Working from a script by Jack Paglen (who's also penning the upcoming Battlestar Galactica reboot), first-time director Wally Pfister — Christopher Nolan's go-to cinematographer since Memento — crams so many concepts into Transcendence's crowded narrative that the film quickly devolves into a catch-all for every sci-fi film gimmick from the past fifty years. From body snatchers to the Borg, the story — a metaphysical version of RoboCop meets The Lawnmower Man — borrows liberally from other, more cerebral works (and even from those not so cerebral, like Independence Day); and for most of its runtime, it plays out like a precursor to every film and television show set in a dystopian future where sentient machines have usurped mankind (The Terminator and The Matrix included). Admittedly, it sounds like a fascinating premise, in theory, but the fault in the science of Transcendence is its lack thereof. The film just doesn't bother delivering any credible explanations to support its plot points, instead preferring to layer them one atop the other, resulting in a sci-fi stew so overloaded with ingredients that it ends up dulling the audience's senses rather than piquing their interest.

Its cast, which includes a few of Nolan's frequent collaborators, is the film's one bright spot. However, it's not what you might think. Although Depp has been known to chew the scenery to great effect in other films — and you would think that as a megalomaniacal artificial being, this would be the perfect opportunity for him to do so again — his performance here (though somewhat creepy and unsettling) is deadpan from start to finish. And as one half of the film's tragic love story, that would be a problem if not for Hall's ability to extract emotion from their scenes together with her performance, running the gamut from desperation to fear, anger and adoration. Likewise, Bettany does his best to counter the increasing absurdity of the plot by turning in a convincing performance as a man who struggles with the moral and ethical dilemmas of the situation, as does Mara, who brings subtle depth to her role as an anarchist with more to her than meets the eye. The rest of the cast — which includes Morgan Freeman and Cillian Murphy in relatively thankless roles as a couple of government sleuths, as well as Clifton Collins Jr. and Cole Hauser in minor parts — make the best of the material they're given, which is probably the same that can be said of Pfister as well.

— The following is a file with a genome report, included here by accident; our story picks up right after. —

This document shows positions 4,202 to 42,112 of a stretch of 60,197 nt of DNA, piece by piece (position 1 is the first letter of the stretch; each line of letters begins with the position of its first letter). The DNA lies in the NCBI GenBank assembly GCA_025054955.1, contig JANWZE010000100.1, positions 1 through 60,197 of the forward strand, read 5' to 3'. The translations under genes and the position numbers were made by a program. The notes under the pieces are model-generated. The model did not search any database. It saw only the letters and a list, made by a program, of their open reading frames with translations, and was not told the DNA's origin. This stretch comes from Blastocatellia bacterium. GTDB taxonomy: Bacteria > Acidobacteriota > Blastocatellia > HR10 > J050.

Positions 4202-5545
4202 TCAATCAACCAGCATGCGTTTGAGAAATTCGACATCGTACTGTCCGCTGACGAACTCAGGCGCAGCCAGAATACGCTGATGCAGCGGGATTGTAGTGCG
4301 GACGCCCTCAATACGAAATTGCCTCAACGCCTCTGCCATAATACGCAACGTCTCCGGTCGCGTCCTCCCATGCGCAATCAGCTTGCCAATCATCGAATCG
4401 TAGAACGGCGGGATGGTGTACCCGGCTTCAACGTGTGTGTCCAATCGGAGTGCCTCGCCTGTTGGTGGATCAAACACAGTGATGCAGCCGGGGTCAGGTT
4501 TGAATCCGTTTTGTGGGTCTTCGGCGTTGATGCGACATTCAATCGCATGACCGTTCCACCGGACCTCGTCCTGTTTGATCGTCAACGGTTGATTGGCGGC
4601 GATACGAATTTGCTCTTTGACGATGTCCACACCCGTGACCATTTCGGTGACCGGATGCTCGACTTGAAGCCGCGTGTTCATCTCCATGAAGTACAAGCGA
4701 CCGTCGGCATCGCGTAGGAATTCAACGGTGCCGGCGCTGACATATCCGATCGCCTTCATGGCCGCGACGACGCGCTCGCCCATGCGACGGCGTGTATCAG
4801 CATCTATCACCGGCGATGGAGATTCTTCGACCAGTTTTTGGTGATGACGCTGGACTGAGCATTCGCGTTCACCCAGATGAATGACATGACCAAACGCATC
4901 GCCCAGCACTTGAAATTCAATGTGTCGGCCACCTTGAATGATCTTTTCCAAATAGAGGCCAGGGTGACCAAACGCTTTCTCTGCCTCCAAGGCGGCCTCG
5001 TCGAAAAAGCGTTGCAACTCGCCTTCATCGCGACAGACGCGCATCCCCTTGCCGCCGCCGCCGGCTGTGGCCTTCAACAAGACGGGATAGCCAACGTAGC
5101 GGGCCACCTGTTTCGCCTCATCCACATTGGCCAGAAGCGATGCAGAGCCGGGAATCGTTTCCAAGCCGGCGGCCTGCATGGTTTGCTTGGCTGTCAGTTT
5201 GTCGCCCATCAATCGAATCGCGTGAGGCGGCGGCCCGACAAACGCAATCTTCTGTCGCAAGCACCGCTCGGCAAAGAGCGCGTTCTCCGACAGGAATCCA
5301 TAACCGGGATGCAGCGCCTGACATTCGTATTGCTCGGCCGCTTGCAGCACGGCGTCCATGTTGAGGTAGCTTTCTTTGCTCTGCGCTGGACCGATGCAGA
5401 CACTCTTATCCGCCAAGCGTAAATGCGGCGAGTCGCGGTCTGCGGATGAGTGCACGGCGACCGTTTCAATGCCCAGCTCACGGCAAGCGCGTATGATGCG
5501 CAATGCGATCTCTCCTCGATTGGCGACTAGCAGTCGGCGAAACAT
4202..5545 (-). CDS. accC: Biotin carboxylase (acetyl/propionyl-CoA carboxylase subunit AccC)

The Bottom Line

To paraphrase something Johnny Depp's character says in the film, "There's not a lot of logic, but there's plenty of irony." That, in a nutshell, summarizes Transcendence, a film that spreads itself thin trying to accommodate one too many ideas, but is ultimately too fuzzy on its own logic to sustain the weight of its ambitious plot. It isn't a terrible movie, it's just rather unremarkable. Sci-fi junkies will still want to flock to it, and its cast is undeniably impressive; but with a title that seems to imply an incomparable filmgoing experience, it falls short of expectations. [★★★]